When set up, gravity keeps the leg compacted - the telescope is effectively suspended on the loop of cord sitting in the pulley. Winding up the bobbin shortens the length of this cord loop, effectively pulling the telescope up. Friction by the brake-pad keeps the mounting from collapsing back down.
The legs are attached to a yoke. This connects to the telescope though a universal joint. This is not complicated, and is made from wood and brass. Attached File universalJoint.jpg 26.9KB 20 downloads
The brake discs are made from brass sheet. These are attached to the bobbin by woodscrews. The brake pads are just offcuts of brass bar (One is aluminium) with self-adhesive furniture slides used for the brake pads. Anything could work here. A bolt with a wingnut adjust the tension of the brakes. Attached File holcomb2.jpg 32.51KB 21 downloads
This is the tail-end of the telescope. In an early prototype I made a mini alt-az base that the base of the scope rested in and could pivot around. Attached File base1a.jpg 19.02KB 17 downloads
Eventually I realised that I could simplify this considerable by making a wheeled tail-piece. This meant I could pick up the nose of the scope and "wheelbarrow" it around my garden if I needed to move it. This wheeled bases does need to be anchored in place, otherwise it will slide away on you. Attached File base2a.jpg 14KB 18 downloads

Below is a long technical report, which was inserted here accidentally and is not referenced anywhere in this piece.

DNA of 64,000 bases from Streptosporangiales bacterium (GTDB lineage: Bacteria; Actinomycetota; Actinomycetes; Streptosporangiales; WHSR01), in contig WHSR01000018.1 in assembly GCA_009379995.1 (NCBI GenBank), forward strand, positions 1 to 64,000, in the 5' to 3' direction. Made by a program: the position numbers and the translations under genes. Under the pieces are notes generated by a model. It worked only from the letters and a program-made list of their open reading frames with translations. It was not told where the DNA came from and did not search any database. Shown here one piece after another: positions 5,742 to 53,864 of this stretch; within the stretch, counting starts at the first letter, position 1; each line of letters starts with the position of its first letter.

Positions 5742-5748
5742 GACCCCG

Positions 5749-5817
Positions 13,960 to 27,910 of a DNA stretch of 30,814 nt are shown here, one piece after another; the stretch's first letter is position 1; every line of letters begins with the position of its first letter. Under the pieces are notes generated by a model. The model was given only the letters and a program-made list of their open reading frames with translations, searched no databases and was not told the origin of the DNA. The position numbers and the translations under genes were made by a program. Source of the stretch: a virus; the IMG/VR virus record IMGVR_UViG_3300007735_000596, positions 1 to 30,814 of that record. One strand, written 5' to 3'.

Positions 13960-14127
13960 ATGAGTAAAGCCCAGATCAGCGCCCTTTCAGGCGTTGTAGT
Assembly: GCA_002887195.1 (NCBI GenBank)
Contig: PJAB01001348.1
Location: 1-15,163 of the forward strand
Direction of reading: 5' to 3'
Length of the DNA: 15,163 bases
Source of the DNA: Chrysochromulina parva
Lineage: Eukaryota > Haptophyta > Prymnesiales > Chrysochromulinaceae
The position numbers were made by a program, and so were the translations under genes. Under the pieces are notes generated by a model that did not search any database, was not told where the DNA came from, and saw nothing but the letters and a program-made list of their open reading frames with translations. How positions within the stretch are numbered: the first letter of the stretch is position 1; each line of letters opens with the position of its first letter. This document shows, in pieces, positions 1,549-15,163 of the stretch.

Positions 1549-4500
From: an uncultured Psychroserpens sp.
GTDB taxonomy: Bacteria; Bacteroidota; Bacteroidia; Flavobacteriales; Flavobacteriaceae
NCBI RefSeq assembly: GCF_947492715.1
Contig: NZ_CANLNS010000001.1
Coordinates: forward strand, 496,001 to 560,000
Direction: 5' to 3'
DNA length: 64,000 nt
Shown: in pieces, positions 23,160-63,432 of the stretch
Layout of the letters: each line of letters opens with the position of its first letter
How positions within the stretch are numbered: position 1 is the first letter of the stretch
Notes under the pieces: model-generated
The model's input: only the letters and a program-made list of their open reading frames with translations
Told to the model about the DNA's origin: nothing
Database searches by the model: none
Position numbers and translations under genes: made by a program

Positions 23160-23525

This weird and unlikely idea works as well as any other mounting that I've tried. Better than some! But lets not get romantic about it. Some of it's flaws are:
But for this I get an elegant self-supporting mounting that has built in fine guiding and vibration dampening time of less than a second. Setup for observing only takes the time to remove the tarp covering the scope. There is little risk of oscillation or vibration as the mounting has parts that only slide, not rotate. Gravity is working as our friend here. In fact, the universal joint on my scope has a bit of play in it, yet the scope "settles" and works fine.
To be honest, my telescope is probably at the hefty-end of Holcomb's design. I believe that for shorter telescopes (or lighter) this mounting would be absolutely perfect. In fact, I'm going to use this when I refurbish my friends 8" f/8. Although finished for now, I see this as a prototype instrument that will continue to be worked on and refined.
This telescope was finished late Nov 2014. How does it stack up?